BLUE SPRINGS, Mo. -- A metro home daycare previously investigated and shut down by the state was found to still be open and operating illegally. It's a FOX 4 follow-up to an investigation we brought you several years ago.
The Care-A-Lot Daycare has a file full of complaints and this case has now made its way into the hands of the Jackson County Prosecutor's Office. The state department that oversees daycare licensing says Cheryl Maher was operating an illegal child care facility in her home.
Sidewalk chalk, colorful kids chairs, and bags of trash sat outside the front-lower level entrance of the in-home daycare in Blue Springs. In the backyard, a disassembled jungle gym and a half-dozen toy cars were scattered.
All signs of where children played up until at least two weeks ago when police and state authorities made an unannounced visit to the home. According to a state investigation, Maher was operating a daycare illegally and without a license.
Maher has been investigated several times by state authorities. In 2008 when FOX 4 first looked into the at-home daycare, Maher's license was being revoked. FOX 4 found then, that dating back to 1992, Maher's Blue Springs daycare racked up more than two dozen state rules violations.
The violations ranged from dirty and unsafe conditions, finding unsupervised crying children, to twice violating the number of children allowed in her care. The most serious was a "child abuse and neglect" violation in 1993. Now more than 20 years later, she is under investigation again.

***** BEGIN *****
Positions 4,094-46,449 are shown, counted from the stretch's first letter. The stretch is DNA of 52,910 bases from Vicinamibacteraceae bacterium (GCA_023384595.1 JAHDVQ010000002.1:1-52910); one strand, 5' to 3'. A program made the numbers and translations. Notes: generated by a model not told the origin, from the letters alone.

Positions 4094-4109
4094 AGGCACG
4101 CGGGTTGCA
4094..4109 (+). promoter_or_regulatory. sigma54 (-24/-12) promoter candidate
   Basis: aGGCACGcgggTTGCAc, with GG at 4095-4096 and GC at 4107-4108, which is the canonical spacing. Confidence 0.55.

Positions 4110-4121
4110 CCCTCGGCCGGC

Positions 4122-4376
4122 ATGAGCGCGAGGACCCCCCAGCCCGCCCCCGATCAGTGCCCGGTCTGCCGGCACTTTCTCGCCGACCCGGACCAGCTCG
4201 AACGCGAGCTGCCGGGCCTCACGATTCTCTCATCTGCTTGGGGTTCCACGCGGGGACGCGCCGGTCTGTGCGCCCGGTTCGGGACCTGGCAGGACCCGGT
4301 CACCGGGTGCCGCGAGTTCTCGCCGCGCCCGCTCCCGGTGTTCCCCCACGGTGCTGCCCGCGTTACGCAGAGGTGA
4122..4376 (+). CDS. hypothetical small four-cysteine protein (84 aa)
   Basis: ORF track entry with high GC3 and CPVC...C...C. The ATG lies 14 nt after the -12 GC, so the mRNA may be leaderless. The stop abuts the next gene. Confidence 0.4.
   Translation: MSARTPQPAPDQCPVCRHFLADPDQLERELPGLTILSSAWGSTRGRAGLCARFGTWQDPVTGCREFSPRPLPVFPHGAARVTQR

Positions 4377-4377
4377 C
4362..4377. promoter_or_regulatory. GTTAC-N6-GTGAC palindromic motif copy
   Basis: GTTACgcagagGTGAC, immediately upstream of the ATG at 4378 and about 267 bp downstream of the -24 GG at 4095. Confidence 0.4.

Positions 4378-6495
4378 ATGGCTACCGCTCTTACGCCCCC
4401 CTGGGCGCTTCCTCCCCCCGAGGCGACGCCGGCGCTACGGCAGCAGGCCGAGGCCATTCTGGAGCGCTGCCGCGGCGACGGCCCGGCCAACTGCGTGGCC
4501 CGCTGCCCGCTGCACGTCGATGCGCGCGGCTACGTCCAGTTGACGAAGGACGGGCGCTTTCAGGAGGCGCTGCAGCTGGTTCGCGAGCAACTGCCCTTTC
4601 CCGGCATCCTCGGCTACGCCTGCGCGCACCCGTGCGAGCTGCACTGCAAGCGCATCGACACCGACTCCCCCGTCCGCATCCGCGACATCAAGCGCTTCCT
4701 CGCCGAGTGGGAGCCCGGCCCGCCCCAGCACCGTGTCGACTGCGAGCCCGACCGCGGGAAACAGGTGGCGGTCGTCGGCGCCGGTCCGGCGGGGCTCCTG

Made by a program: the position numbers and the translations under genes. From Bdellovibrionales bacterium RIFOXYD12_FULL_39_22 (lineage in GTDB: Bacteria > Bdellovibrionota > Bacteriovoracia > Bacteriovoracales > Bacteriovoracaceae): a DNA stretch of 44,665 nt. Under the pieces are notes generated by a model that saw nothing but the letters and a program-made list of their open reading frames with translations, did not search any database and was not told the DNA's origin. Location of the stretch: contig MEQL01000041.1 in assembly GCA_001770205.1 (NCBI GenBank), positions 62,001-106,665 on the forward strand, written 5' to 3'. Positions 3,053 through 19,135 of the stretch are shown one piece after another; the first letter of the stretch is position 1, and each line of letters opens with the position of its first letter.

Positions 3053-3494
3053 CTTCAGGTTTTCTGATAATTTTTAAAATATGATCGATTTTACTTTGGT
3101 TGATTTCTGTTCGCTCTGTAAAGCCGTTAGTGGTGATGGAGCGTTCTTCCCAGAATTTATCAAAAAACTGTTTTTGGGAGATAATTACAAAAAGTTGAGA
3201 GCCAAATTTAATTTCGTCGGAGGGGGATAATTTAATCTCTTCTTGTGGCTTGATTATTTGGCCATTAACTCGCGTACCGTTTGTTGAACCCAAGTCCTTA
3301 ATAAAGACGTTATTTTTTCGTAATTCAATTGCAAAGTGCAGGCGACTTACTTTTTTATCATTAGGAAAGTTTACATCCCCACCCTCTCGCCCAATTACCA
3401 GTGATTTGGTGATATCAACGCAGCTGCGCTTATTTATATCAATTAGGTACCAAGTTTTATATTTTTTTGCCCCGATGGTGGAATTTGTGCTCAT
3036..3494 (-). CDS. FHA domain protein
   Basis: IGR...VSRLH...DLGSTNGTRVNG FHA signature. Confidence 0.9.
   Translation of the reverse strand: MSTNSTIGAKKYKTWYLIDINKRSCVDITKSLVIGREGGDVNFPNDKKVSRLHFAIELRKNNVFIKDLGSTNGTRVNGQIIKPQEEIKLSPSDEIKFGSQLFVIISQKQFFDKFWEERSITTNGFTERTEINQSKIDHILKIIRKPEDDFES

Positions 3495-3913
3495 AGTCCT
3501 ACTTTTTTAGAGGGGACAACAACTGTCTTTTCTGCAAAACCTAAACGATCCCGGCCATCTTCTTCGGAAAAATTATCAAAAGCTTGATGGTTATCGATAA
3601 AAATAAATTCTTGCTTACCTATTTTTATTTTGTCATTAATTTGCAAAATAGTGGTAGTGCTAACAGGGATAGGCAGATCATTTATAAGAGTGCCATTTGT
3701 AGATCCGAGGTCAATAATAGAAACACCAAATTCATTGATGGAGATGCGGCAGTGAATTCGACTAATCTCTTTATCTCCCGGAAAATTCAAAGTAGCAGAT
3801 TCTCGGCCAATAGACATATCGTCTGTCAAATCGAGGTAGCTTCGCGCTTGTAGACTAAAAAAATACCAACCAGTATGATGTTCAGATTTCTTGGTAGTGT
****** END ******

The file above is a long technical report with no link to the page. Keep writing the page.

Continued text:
In the 2008 case, the state stripped Maher's license, meaning she wasn't allowed to operate as a child care facility and couldn't care for more than four children at a time.
But on March 14, 2014, documents say Maher was found to have nine kids in her care.
Six of those children, the state says, were found hiding with another adult in a neighbor's yard after investigators knocked on Maher's door. When we knocked to ask Maher about the most current allegations, we got the door slammed in our face.
The Jackson County Prosecutor's Office has not yet charged Maher in this case. According to state legislative documents, Maher could face a fine of up to $10,000.